Similarly, the new narrative on Afghanistan built on the premise of casting aside the theory of strategic depth, the adoption of a non-partisan posture with regards to political developments in that country, and assisting the process of reconciliation amongst different factions, is an imaginative policy initiative. Peace in Afghanistan and our neutral posture towards all stakeholders in the power equation in Afghanistan would certainly go well with the new Afghan leadership and facilitate the completion of transregional projects like CASA-1000 and TAPI. These initiatives fit well into the emerging concept of shared regional economic prosperity and security being pursued by member states of the Shanghai Cooperation Organization (SCO) and other countries of the region. Pakistan’s economic, political, security and strategic interests are inextricably linked in the South Asian region and would be best served by reorienting its foreign policy objectives in line with new regional and global realities.

Forces and lobbies within Pakistan who are trying to sabotage the new narrative of better ties with India and revisiting our polices towards Afghanistan are actually trying to push Pakistan off the chessboard of global and international politics. The prospect of China, India and Pakistan working together within the framework of SCO (which, apart from economic cooperation between the member countries also aims to fight the scourge of terrorism collectively), SAARC and any other forum that emerges as a result of regional economic linkages, holds a great promise for economic prosperity of the countries of the region, becoming a catalyst in resolving political and territorial disputes between them. China and Russia, the two important members of the SCO also support Pakistan’s quest for full membership of SCO.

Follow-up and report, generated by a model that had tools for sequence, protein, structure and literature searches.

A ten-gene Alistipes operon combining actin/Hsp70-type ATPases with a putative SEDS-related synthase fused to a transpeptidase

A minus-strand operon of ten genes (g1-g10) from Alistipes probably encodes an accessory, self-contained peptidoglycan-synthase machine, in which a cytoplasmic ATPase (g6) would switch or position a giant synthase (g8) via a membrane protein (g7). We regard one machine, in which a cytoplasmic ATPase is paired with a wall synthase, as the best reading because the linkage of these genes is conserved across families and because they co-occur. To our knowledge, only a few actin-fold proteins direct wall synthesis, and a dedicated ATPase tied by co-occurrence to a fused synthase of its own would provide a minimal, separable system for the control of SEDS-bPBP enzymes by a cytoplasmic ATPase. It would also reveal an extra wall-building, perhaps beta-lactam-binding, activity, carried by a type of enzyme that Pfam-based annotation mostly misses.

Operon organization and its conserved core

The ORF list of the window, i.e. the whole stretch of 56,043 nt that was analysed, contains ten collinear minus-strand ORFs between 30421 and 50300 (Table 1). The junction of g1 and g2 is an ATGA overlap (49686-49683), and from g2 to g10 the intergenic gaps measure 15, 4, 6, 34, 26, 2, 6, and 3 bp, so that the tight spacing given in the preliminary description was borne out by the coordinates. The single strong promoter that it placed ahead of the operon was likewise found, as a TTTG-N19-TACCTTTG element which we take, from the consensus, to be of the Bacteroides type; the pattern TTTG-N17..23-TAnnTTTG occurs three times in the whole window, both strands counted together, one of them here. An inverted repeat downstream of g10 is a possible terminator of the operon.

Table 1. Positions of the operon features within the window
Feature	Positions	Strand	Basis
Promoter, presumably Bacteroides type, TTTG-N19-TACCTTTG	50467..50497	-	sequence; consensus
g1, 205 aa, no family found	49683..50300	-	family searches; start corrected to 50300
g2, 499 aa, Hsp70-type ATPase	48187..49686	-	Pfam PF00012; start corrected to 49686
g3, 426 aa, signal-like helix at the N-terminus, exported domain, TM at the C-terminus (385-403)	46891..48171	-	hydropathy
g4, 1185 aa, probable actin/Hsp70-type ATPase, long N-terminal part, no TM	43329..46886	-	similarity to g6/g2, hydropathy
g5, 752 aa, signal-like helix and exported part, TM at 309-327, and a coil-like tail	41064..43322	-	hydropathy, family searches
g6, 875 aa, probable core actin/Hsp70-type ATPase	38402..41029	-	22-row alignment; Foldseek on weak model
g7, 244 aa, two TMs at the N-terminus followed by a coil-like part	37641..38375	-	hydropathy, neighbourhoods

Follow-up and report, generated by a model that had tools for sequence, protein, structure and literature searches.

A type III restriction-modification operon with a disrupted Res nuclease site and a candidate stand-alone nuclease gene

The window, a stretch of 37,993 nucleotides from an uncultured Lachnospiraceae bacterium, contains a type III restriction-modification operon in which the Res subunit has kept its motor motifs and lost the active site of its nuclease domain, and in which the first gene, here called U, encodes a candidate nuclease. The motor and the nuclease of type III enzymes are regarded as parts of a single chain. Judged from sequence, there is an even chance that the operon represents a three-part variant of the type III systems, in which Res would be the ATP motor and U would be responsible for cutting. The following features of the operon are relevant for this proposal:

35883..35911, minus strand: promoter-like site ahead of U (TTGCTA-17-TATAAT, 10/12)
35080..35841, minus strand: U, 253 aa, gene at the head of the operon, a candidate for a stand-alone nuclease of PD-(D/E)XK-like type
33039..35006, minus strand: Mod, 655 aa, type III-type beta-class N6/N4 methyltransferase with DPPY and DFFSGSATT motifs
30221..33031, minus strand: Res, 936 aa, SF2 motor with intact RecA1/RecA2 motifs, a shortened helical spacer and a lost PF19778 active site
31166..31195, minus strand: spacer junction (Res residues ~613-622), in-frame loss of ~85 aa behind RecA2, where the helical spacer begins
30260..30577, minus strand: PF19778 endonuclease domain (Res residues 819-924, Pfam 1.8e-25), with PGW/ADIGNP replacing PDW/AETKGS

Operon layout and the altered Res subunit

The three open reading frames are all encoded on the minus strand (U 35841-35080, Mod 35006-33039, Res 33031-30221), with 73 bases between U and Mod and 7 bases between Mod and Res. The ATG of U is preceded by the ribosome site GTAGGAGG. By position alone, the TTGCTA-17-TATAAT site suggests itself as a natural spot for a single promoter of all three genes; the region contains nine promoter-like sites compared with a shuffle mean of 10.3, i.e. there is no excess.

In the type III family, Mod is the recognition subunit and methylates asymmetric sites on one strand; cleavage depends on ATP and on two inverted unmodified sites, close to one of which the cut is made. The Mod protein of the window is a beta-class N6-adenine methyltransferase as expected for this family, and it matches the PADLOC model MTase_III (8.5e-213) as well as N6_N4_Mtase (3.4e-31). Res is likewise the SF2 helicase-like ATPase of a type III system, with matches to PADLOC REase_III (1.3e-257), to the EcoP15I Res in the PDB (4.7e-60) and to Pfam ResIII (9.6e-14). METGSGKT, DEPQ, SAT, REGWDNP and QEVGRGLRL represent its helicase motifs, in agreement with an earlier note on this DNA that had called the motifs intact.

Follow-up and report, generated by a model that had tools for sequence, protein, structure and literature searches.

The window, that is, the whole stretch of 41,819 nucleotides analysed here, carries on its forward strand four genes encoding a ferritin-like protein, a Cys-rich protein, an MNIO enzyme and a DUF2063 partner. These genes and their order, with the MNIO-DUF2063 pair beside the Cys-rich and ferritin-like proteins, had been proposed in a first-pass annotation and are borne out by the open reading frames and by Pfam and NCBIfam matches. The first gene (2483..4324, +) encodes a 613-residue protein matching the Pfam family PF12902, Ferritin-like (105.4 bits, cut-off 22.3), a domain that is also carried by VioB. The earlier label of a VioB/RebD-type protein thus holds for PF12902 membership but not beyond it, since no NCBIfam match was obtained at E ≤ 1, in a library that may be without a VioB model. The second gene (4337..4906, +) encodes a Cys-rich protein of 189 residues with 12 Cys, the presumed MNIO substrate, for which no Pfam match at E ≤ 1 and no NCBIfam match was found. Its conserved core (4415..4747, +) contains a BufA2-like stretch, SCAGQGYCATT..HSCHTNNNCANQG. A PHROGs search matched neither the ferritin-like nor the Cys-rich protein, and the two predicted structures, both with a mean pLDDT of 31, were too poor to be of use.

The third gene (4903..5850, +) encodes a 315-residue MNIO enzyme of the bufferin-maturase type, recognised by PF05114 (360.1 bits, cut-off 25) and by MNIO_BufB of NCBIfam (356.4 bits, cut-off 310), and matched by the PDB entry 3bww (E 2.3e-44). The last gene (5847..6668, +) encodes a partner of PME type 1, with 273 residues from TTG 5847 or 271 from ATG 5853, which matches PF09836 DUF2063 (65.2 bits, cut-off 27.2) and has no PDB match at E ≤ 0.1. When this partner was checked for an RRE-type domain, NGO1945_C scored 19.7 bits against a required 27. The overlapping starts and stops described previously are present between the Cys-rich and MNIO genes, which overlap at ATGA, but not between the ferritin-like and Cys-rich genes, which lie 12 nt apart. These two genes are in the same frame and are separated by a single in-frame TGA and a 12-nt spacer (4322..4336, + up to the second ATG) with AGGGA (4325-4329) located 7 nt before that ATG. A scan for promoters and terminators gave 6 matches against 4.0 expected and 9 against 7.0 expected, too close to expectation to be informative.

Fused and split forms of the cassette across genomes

The European Union (EU) is an example of the success of this concept. The European Steel and Coal community formed by six European countries in the aftermath of World War II in 1951 has developed into a politico-economic union of 28 countries leading to the economic and political integration of Europe.

Over 45% of Pakistan’s population lives below the poverty line and needs to opt out of disputes with neighbours, especially with India in conformity with emerging ground realities. Similarly, India needs to reciprocate these gestures with sincerity of purpose and alleviating the sufferings of the teeming millions on both sides. Both countries need to retrace their steps to the process of reconciliation started during Vajpai’s visit to Pakistan. The core issue of Kashmir must be looked at from the perspective of new realities by Pakistan that also dawned on the architect of the Kargil Episode when he came to power. The new realities are that despite 23 UN resolutions on Kashmir promising the right of plebiscite to the people of Kashmir, it is no longer possible to enforce those resolutions. The powers that be do not want to play a mediating role and instead urge both countries to resolve the issue through bilateral efforts. Even the UN toes the same line. The best chance to lay a foundation for a solution lies in building and strengthening economic relations with India at the bilateral and regional level and creating strong economic linkages that eventually build the momentum for resolution either at the bilateral level or within the framework of a regional forum.

 The writer is a freelance columnist.